There are many buses running from the Brazilian cities of Porto Alegre, São Paulo and Rio de Janeiro. Bus service is very extensive and there are many services that run from Montevideo to different cities across the country. Terminal Tres Cruces, Agencia Central and Terminal Ciudad Vieja are Montevideo's three main hubs. Travel by bus is very safe. International services are available to São Paulo, Porto Alegre, (Brazil), most of the Argentinian provinces (Buenos Aires, Cordoba, Mendoza, Entre Rios), Asunción (Paraguay) and Santiago de Chile. The service is catered and buses have an outstanding level of service, much better than the average European service.
The Buquebus ferry service operates between Buenos Aires, Argentina, and both Colonia del Sacramento and Montevideo, Uruguay. Some services continue from there to Punta del Este. For the Buquebus-Ferry from Buenos Aires to Colonia del Sacramento there are two options. One takes three hours and the other one hour to get there. A ticket to Montevideo for the three-hour ferry is about ARS147 (03/2010) and ARS190 (03/2010) for the fast one.
Colonia Express operates between Buenos Aires and Colonia by one hour ferry and then by bus to Montevideo. Ticket prices to Montevideo from ARS149 (03/2010) or even cheaper in special web offers.
Seacat Colonia operates as well between Buenos Aires and Colonia by one hour ferry and then by bus to Montevideo and Punta del Este. Ticket prices to Montevideo from ARS142 (03/2010).
There are limited commuter train services around Montevideo, provided by the Administración de Ferrocarriles del Estado. There are some tourist trains which do not have a fixed schedule. You need to find announcements for them at the Montevideo train station, located at the corner of Nicaragua and Paraguay. There is no regular long distance train service. The most usual means of public transport is the bus (local buses inside Montevideo and from Montevideo to other main cities of the country).
Uruguay has an extensive internal bus system and in practice the only way of getting around between cities if you aren't driving. From Montevideo interdepartmental buses leave from the Tres Cruces station which also serves the international buses. There are often several companies serving the routes and the buses are frequent, safe, comfortable and the fares are affordable.
Depending on the company, tickets can usually be bought online, at bus stations and on board the buses themselves. If you buy tickets before departure you will get a reserved seat, otherwise you can sit at seats that don't happen to be occupied (otherwise there's place to stand in the aisle). At least on board the buses of the COT company there was a separate ticket salesman/inspector on board selling and checking tickets.
Taxis in Uruguay are safe and fairly affordable, costing about USD2 per km. All taxis in Uruguay use meters and have fixed costs.
The main highway is the one that goes from Montevideo to Punta Del Este (main tourist city of Uruguay), it is double lane from both sides. However this is the exception and most of the highways are single lane and therefore you should take precautions when driving long distances (a "long distance" in Uruguay is 500 km max), trying to pass another car. Always keep your distance from the car in front of you.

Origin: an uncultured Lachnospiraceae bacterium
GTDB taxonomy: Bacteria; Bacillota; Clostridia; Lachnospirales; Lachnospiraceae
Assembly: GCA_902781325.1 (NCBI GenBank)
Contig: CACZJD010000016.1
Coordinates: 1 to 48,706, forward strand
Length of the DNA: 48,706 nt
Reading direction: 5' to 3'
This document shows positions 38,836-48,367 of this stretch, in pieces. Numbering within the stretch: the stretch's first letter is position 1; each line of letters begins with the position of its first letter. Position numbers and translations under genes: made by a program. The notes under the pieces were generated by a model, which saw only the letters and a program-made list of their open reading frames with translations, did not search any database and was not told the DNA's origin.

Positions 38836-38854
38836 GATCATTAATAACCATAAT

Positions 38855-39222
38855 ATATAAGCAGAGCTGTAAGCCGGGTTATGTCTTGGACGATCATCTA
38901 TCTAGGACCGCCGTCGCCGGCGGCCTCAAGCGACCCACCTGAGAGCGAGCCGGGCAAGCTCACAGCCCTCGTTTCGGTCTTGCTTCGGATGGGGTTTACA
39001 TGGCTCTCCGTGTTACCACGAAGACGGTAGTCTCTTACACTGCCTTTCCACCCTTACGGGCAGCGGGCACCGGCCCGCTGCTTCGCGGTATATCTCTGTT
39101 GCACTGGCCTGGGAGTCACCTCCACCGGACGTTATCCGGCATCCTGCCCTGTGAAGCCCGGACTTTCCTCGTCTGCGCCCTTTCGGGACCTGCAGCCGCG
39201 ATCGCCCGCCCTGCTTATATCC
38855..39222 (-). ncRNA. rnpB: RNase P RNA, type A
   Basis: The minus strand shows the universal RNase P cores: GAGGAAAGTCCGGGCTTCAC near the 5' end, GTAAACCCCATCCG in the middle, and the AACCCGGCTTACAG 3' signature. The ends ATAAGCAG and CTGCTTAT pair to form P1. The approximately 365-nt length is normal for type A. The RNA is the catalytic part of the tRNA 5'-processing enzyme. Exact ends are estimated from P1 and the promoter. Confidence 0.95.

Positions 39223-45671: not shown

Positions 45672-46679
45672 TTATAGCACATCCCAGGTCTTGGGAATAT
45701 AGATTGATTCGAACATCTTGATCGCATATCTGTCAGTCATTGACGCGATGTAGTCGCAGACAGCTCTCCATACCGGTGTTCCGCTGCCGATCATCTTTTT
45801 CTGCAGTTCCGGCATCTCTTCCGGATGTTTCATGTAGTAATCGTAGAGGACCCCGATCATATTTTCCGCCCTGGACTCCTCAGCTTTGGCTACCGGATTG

To rent a car in Uruguay, residents of many countries (including the United States) need only their driver's license, passport, and credit card; only residents of certain countries must obtain an International Driver's Permit. Vehicle imports and gasoline are both heavily taxed. Therefore, most Uruguayans prefer to buy cars with fuel-efficient manual transmissions, which in turn means that vehicles with automatic transmissions are rarer and much more expensive. If you can drive a manual transmission, you are looking at about USD $50/day and up, while those who can only drive automatic transmissions (primarily residents of Canada and the United States) are looking at USD90/day and up for a car rental.
It will cost USD60 and up to fill up the gas tank just on a regular small sedan like a Chevy Aveo. Traditionally, the sole gasoline retailer in Uruguay was the state-owned monopoly, ANCAP. (ANCAP is the "National Administration" for "combustibles," alcohol, and Portland cement, hence the name.) Today, ANCAP competes with Petrobras and Esso. All gas stations are full service, so you will need to know enough rudimentary Spanish to tell the attendant to fill it up.
Driving in Uruguay is very similar to European driving, but with less traffic lights and lots of roundabouts. North Americans accustomed to wild big-city driving (New York or Los Angeles) will not find it too difficult to adapt to. As in many developing countries and parts of Europe, Uruguayans have a tendency to split lanes or make their own lane. Since manual transmissions take longer to spin up, Uruguayans like to watch for the cross-traffic's yellow light and then jump the green about a second in advance, which means you should never run yellow lights if you can brake safely. Many intersections are marked only with yield signs. If you don't see a sign, treat it as a yield. If you see a stop sign ("Pare"), it means stop, please stop, probably because it's a blind intersection and someone was killed there.